Posts Tagged ‘americana’

John Hill – John Hill [EP]
October 25, 2010

Meet John Hill, an acoustic folk/rock act from the Netherlands. If you have never heard of him until now, there’s a good reason for it. The “John Hill” EP is his first release. The feel of his music has been compared to masters like Bob Dylan and Cat Stevens for example.

Inner Ear Media was approached to shine its light over this debut EP. And after a good number of listens I came to the conclusion that this is very solid singer/songwriter material. I wouldn’t go as far as to compare it to Dylan or Stevens right off the bat, but I do admit there’s a genuinity to the music that reminds you of forgotten musical eras. Hilgenkamp’s vocals are pure and honest and they envoke emotion, not only in himself and his music, but also in the imagination of the listener.

This is quite an accomplishment, because for singer/songwriters it is essential to make that personal connection with the listener, one way or another. Hannes Hilgenkamp, under the John Hill moniker does this in its purest, most honest way and, in a way, he invites the listener to accompany him in his music.

On the opener Does It Still Hurt the empathic vocals reach across, right into your heart. The storytelling presentation of the song gives the song even more credit. The more uptempo Sailin Home is a track that is pleasant to listen to and would have a decent chance on the regional and smaller radio stations in the country. Easy Prey is a little edgier and is just an extremely well-executed song. The final two songs, Hidin From Me and Decency are also of a very high quality. Especially the closer (Decency) is very subtle and comes across very personal. Additions from Florien Hilgenkamp (classical vocals) and Serge Bredewold (former bass player for Twarres and 16Down) shows he selects musical partners that can meet the high standard he set with his tracks.

Hilgenkamp proves to be not only a very accomplished songwriter as his songs are musically and lyrically relevant and accessible. He doesn’t dabble into easily available rhymes and shameless variations on melodies that have been used a million times, no he truly writes songs that don’t just sound fresh and original, they actually are fresh and original. He also proves he’s a true balladeer in the way he personalizes the song and enables the listener to do exactly the same. He brings across the story and makes an actual connection to those who open their hearts to these songs. It may only be a debut EP but it sounds like this man has been writing and performing songs for decades. He surely knows his stuff.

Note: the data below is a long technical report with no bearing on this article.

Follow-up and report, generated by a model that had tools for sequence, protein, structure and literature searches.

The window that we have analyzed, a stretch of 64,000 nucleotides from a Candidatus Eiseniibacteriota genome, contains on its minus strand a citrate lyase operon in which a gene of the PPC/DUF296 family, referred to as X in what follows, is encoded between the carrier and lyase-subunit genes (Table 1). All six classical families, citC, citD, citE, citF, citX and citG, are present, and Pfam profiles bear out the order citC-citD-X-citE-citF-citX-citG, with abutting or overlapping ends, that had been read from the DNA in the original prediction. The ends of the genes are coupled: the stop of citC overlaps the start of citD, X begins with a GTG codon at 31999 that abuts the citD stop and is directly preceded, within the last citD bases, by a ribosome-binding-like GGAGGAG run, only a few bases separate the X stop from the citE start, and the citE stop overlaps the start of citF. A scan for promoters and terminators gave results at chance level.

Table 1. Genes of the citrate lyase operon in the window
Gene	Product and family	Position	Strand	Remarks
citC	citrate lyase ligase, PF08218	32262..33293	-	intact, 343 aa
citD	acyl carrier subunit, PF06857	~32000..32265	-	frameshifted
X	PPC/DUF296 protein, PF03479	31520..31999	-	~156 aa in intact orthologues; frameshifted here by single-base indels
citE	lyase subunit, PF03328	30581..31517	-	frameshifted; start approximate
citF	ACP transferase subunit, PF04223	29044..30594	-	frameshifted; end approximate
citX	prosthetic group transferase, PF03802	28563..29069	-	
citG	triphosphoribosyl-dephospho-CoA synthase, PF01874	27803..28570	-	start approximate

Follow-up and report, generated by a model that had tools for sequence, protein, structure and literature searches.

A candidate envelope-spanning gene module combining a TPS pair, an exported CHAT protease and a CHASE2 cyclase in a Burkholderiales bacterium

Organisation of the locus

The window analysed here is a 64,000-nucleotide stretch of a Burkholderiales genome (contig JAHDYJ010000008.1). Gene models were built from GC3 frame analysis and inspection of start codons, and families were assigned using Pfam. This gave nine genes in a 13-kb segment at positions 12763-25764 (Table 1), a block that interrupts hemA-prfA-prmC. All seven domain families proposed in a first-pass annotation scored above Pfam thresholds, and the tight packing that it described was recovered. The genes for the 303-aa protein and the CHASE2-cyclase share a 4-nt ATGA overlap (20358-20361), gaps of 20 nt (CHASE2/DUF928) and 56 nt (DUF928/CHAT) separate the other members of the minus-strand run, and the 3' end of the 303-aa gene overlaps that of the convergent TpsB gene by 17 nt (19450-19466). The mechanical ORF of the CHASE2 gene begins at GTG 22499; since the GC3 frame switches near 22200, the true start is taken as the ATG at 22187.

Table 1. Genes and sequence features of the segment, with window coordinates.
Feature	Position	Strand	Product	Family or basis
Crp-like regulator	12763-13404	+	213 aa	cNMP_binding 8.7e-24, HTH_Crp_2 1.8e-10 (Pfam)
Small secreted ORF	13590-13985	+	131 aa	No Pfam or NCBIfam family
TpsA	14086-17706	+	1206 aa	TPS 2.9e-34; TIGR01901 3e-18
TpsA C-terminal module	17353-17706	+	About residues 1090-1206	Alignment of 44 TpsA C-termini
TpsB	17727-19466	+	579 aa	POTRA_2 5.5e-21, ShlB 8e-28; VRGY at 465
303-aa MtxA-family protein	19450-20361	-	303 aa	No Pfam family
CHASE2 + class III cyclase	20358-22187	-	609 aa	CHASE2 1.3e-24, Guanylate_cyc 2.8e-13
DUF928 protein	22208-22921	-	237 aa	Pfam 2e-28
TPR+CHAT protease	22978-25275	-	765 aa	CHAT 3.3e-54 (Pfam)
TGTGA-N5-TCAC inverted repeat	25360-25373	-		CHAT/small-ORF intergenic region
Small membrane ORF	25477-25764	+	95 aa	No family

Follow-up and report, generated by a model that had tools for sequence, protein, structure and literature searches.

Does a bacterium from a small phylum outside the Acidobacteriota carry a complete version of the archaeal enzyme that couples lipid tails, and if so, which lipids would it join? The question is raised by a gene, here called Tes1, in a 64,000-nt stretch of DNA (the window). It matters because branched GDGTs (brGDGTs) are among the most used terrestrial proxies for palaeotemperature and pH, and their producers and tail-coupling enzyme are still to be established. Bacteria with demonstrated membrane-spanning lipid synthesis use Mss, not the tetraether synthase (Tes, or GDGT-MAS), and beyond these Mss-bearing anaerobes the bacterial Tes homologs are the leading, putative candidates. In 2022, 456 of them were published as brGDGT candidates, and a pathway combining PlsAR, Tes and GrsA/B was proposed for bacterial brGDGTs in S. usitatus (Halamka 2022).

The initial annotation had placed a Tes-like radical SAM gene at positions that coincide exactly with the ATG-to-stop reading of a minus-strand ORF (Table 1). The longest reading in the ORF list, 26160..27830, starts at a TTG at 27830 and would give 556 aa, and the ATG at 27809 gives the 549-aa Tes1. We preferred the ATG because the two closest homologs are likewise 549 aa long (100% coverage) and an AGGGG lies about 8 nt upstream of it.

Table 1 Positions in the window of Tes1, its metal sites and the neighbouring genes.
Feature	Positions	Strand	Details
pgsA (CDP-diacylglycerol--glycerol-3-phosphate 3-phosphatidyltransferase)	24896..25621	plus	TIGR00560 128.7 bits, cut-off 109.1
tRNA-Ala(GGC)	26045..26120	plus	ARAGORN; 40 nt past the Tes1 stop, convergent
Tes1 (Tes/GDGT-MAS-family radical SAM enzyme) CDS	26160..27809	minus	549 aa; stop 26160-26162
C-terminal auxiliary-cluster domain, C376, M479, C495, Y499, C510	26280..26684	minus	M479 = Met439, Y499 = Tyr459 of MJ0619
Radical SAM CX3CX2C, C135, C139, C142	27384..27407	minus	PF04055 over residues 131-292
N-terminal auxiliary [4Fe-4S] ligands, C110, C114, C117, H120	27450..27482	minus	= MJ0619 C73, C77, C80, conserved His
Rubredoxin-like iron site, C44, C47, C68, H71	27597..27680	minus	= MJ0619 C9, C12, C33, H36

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Massy Ferguson – Hard Water
October 19, 2010

For those of you who enjoy the southern charm in music, a strong mix of ballsy southern rock and the gentle rootsy/americana influenced storytelling, from now on you can just as well find it in the Northwest. Massy Ferguson, hailing from Seattle is not the next grunge sensation, no, they don’t play grunge, but they might well be one of the newest sensations in country-rock music.

All through the past 6 decades there have been huge acts in this genre. The heydays may have been in the late 60s to mid 80s, but still the music has a huge following. And with their sophomore album, “Hard Water”, Massy Ferguson is bound to tap into that following. With an Eagles-like flair and sometimes the grit of Springsteen they release an album in the tradition of Uncle Tupelo and The Jayhawks. It doesn’t quite reach that level yet, but the band is starting to get awefully close.

“Hard Water” features 10 altcountry songs that are very pleasant to listen to and show a lot of musicality. There’s a certain honesty in this album that helps it flourish. Combined with the strong melodies and the passionate performance makes it a very strong release.

Standout songs are Freedom Country, Wenatchee Eyes & Dreams of St. Petersburg, but the whole album deserves a listen. Massy Ferguson is a band to watch. Their debut album may not have been top of the bill yet, but this second one surely belongs up there. And if they continue to evolve with this pace, there’s no telling where their story ends. One of the best albums in the genre in 2010.

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Hillstomp – Darker The Night